Place as a locus for intangible cultural heritage is a consistent theme that is explored in this volume in articles describing four diverse locations: a farming community in Argao, Cebu in the Philippines; a pilgrimage route in Spain; shipwreck sites as underwater cultural heritage; and the Turkish bath tradition in a specific location, Gaziantep, in Turkey.
Ian Dale Batac Rios, in**‘Between people and place: Folklore pertaining to the natural environment in a farming community in Argao, Cebu’**, presents the results of qualitative research in a farming community in a mountain barangay in Argao, Cebu, in the Philippines, where a harmonious interplay between people and place is expressed in a variety of forms of intangible cultural heritage. The article documents the values behind the interplay between culture and nature as embedded in various forms of local folklore pertaining to the natural environment considered culturally and economically significant to the community’s way of living. It focuses on local folk beliefs, rituals and practices, and folk narratives and stories relating to the natural environment. Drawing on the concept of associative cultural values attached to landscapes, the unwritten local knowledge on the natural environment transmitted from generation to generation illustrates the intimate relationship between people in the farming community and their natural environment. Folklore, however, is now a less understood integral component of culture, and some factors have caused its devaluation, unlearning and discontinuation, especially among the younger generation. The article presents the urgency of collaborative efforts between the natural and social sciences to multiply the values of landscapes and strengthen the relevance of conservation on the ground.
‘Exploring sonority embedded in cultural heritage: Path, transit and listen through the Silver Route (Way of St James, NW Spain)’ by Elena De Uña-Álvarez, examines sound environments encountered by pilgrims on the Camino de Santiago, a popular walking route for people around the world, believers or non-believers alike. Environmental sonority, related to viewing, listening and walking along a path, has only seldom been contemplated in the first European Cultural Route, the Way of St James (Camino de Santiago). The research, focused on a section of the Silver Route (Vía de la Plata) variant (Galicia, north-west Iberian Peninsula), defines several sound environments configured by the sound sources, acoustic properties and the culture of the territory. Integrating the environmental sonority in a musical piece facilitates the promotion of knowledge and awareness of the sound heritage, together with an implied appreciation for it. The audible spectrum, provided with emotional and evocative power, has an important role in defining cultural heritage from the present to the future. Furthermore, it is particularly relevant in confinement situations such as the one experienced in Europe in the year 2020.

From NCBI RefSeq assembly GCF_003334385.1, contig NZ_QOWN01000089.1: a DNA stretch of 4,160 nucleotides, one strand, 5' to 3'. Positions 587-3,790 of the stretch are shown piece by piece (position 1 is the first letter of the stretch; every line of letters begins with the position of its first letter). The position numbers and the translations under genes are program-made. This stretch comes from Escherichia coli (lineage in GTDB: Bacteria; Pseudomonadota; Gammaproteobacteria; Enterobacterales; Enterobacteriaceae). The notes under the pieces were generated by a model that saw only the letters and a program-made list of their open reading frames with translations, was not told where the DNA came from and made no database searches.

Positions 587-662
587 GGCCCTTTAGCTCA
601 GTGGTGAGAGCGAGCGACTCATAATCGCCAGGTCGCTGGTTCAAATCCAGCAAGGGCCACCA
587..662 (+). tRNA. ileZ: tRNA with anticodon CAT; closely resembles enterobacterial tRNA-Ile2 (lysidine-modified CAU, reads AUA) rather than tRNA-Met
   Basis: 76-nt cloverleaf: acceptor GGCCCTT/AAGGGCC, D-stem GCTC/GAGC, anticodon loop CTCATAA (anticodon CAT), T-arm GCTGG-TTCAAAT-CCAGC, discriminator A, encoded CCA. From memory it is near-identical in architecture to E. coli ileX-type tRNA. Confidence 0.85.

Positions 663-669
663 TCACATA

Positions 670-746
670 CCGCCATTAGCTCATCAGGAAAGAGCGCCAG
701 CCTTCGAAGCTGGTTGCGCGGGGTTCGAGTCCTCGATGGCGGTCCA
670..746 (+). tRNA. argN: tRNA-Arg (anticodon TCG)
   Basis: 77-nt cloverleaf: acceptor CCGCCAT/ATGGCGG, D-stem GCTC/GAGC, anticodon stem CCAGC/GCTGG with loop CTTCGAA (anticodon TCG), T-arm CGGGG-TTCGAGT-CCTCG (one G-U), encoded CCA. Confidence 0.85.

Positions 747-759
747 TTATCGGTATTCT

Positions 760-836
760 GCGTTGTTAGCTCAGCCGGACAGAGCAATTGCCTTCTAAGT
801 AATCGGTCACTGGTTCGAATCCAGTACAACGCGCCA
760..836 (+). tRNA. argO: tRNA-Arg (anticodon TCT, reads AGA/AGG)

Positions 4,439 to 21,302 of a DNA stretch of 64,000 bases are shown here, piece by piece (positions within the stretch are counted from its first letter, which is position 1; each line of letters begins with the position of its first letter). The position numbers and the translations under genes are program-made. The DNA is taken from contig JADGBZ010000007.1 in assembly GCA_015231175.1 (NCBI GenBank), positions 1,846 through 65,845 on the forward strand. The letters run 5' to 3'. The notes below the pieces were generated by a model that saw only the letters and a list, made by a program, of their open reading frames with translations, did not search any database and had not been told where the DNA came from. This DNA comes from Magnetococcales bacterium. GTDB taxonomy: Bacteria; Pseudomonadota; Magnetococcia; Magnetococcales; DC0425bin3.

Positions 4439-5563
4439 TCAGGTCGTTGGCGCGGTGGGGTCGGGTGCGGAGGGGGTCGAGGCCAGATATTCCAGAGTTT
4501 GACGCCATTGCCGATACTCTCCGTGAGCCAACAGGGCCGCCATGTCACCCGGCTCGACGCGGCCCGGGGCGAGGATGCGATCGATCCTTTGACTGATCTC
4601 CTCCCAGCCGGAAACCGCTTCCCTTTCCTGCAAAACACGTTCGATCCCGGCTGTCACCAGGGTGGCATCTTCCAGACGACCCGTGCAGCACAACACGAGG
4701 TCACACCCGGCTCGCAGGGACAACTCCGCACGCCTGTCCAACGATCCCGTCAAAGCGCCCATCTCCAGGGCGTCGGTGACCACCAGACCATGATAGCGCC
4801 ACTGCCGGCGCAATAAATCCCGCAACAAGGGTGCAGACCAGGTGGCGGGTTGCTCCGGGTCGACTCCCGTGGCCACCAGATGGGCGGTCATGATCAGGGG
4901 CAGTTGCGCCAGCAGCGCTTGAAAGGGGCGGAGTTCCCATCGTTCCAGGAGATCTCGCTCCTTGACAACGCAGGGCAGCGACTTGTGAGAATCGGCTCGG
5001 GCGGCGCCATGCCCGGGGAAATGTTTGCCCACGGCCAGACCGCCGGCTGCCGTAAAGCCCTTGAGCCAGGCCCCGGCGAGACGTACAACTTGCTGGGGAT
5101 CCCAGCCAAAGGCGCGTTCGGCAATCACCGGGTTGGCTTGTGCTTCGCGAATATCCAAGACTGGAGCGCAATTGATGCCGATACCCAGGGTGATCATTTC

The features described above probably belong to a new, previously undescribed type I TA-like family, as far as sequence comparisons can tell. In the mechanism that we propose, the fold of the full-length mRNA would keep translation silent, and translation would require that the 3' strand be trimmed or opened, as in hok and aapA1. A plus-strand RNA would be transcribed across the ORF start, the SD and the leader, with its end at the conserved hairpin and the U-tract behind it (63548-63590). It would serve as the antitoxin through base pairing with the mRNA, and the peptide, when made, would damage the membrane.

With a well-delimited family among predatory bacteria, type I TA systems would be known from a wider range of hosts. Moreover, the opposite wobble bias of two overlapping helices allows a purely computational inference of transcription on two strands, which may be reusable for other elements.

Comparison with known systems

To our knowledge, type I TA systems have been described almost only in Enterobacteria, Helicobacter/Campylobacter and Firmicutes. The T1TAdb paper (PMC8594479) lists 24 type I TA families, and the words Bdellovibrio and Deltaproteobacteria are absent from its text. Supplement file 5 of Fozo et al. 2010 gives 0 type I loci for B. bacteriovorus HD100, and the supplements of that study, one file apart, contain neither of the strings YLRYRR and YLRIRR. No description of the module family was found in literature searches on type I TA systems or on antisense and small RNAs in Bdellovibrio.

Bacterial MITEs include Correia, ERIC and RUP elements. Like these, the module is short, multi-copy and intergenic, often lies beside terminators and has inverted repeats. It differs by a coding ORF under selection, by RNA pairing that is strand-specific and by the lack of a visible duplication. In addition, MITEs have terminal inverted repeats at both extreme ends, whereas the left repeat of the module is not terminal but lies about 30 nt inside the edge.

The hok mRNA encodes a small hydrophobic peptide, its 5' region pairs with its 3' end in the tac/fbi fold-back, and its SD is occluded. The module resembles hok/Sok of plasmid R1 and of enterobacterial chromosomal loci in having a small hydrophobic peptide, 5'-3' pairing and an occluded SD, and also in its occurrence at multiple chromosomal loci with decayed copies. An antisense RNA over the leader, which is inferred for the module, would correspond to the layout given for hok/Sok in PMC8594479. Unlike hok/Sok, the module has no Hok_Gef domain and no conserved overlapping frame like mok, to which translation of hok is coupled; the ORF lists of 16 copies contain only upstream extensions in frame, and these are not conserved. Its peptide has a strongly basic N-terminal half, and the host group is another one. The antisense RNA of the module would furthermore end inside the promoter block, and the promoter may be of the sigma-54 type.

Elena Perez, in**‘Shipwrecks and graves: Their treatment as intangible heritage’**, deals with the paucity of scholarly studies relating to ethical dilemmas associated with human remains, often encountered on shipwrecks in the course of underwater archaeology. The treatment and management of human remains in land archaeology has been much debated, but references in the field of underwater cultural heritage are almost non-existent. The topic’s importance has been recognised by some nations that have established legal frameworks to protect human remains. Nevertheless, ethical dilemmas around the topic have not been discussed, and protocols for the management of shipwrecks with or without human remains have not been established. The article discusses the management of human remains as part of an underwater cultural heritage site, and the ethical issues that this complicated heritage presents at an international level. It looks both at those shipwrecks that still preserve human remains and those where the remains have disappeared but were once there. It also introduces three concepts, applied for the first time to human remains, based on a variety of cultural attitudes: absent, invisible and intangible heritage.